Startup Araqev Debuts Additive Software
Araqev's software helps end users print products in only a few design iterations, leading to less scrap material and machining time, the startup reports.
April 26, 2022
Aerospace, automotive, consumer products, medical devices, national defense and other sectors that use additive manufacturing and 3D printing technologies may benefit from quality-control software commercialized by Araqev, a Purdue University-related company.
Araqev's software helps end users print products in only a few design iterations, leading to less scrap material and machining time, the startup reports. Arman Sabbaghi, associate professor in Purdue's Department of Statistics in the College of Science, is Araqev's CEO and president.
“We estimate that the quality-control issue with additive manufacturing can lead to nearly $2 billion in global losses annually based on a model for the production costs of metal additive manufacturing systems that was developed by Baumers, Dickens, Tuck and Hague in their 2016 paper published in the peer-reviewed journal Technological Forecasting and Social Change,” Sabbaghi says.
To use Araqev's software, customers upload their nominal design files and scanned point cloud data from their printed products.
“Our software uses these inputs to fit machine learning models that can simulate shape deviations for future printed products,” Sabbaghi says. “Furthermore, the machine learning models enable our software to derive modifications to the nominal designs, known as compensation plans, so that when the modified designs are printed, they will exhibit fewer shape deviations compared to the case when the original designs are printed.”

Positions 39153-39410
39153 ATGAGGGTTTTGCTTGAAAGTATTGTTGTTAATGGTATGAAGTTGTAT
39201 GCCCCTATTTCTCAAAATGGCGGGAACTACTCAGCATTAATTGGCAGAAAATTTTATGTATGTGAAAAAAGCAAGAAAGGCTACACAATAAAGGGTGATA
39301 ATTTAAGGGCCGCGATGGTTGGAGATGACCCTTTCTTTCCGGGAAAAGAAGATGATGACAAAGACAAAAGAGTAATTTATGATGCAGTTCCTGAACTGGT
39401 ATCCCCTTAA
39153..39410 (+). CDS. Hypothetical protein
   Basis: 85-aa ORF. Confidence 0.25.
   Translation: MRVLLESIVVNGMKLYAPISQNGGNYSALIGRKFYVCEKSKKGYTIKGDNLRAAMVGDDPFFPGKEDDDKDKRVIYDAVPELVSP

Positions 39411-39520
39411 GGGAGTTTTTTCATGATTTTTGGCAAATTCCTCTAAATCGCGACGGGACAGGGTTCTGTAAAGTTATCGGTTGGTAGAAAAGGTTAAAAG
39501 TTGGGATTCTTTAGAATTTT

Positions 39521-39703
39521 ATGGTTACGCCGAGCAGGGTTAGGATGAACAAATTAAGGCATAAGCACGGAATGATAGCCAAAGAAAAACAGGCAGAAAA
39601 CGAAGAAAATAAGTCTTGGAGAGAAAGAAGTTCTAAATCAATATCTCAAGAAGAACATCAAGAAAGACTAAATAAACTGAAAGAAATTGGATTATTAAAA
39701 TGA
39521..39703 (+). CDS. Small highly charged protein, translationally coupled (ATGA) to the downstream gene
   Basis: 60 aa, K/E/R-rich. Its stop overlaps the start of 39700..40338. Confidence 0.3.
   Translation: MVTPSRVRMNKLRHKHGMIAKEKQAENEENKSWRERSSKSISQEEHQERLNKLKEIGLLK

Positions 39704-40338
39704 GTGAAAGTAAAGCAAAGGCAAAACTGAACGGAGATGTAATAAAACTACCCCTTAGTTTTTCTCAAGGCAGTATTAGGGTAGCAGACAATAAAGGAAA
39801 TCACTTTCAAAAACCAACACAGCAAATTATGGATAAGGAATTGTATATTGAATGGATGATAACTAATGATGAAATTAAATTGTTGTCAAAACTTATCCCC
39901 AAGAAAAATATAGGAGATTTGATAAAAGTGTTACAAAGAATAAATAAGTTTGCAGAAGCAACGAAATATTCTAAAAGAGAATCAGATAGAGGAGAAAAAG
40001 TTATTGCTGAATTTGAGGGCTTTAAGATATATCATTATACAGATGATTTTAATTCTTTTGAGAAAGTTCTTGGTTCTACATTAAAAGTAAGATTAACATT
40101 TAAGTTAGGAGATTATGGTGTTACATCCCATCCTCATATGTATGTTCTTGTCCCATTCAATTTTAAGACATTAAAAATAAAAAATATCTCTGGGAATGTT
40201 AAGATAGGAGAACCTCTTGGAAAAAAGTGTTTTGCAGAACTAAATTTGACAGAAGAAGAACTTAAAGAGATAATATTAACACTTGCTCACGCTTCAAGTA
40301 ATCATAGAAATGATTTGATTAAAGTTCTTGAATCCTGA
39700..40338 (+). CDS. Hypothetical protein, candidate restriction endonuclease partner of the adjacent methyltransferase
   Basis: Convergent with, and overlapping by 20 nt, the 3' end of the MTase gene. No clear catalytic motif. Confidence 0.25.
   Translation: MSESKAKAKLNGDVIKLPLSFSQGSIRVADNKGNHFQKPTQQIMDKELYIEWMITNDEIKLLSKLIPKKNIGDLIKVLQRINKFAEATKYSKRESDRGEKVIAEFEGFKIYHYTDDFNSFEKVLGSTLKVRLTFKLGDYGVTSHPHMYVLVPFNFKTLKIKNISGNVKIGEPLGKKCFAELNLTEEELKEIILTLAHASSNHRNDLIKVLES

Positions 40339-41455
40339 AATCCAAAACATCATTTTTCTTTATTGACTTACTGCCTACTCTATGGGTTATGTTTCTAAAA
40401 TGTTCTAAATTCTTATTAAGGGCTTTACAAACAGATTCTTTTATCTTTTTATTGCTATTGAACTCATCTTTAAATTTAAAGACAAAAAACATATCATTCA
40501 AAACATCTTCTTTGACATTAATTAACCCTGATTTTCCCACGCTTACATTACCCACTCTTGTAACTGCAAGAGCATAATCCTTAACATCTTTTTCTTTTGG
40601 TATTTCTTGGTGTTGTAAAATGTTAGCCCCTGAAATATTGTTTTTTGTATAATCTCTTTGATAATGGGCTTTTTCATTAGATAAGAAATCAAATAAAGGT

Araqev's algorithms also enable the transfer of knowledge encoded via machine learning models across different materials, printers and shapes in an additive manufacturing system.
“The power and cost-effectiveness of our algorithms were most recently demonstrated via two validation experiments for the Markforged Metal X 3D printer involving 17-4 PH stainless steel products,” Sabbaghi says. “Our algorithms reduced shape inaccuracies by 30% to 60%, depending on the geometry in at most two iterations, with three training shapes and one or two test shapes for a specific geometry involved across the iterations.”
Araqev is establishing direct partnerships with 3D printing manufacturers and companies using 3D printers that Sabbaghi said will enable the company to scale quickly.
Sabbaghi says the company plans to establish licensing contracts after demonstrating savings and benefits available.
Araqev licensed the software from the Purdue Research Foundation Office of Technology Commercialization. The research to create the software received funding from the NSF's Cyber-Physical Systems program and CMMI EAGER program, and the Purdue Research Foundation Office of Technology Commercialization's Trask Innovation Fund. Araqev received funds from Elevate Ventures' Regional Pre-Seed Competition, Purdue's Regional NSF I-Corps program, the MKE Tech Hub Coalition Challenge and the Purdue Foundry Boost program.
Sources: Press materials received from the company and additional information gleaned from the company’s website.
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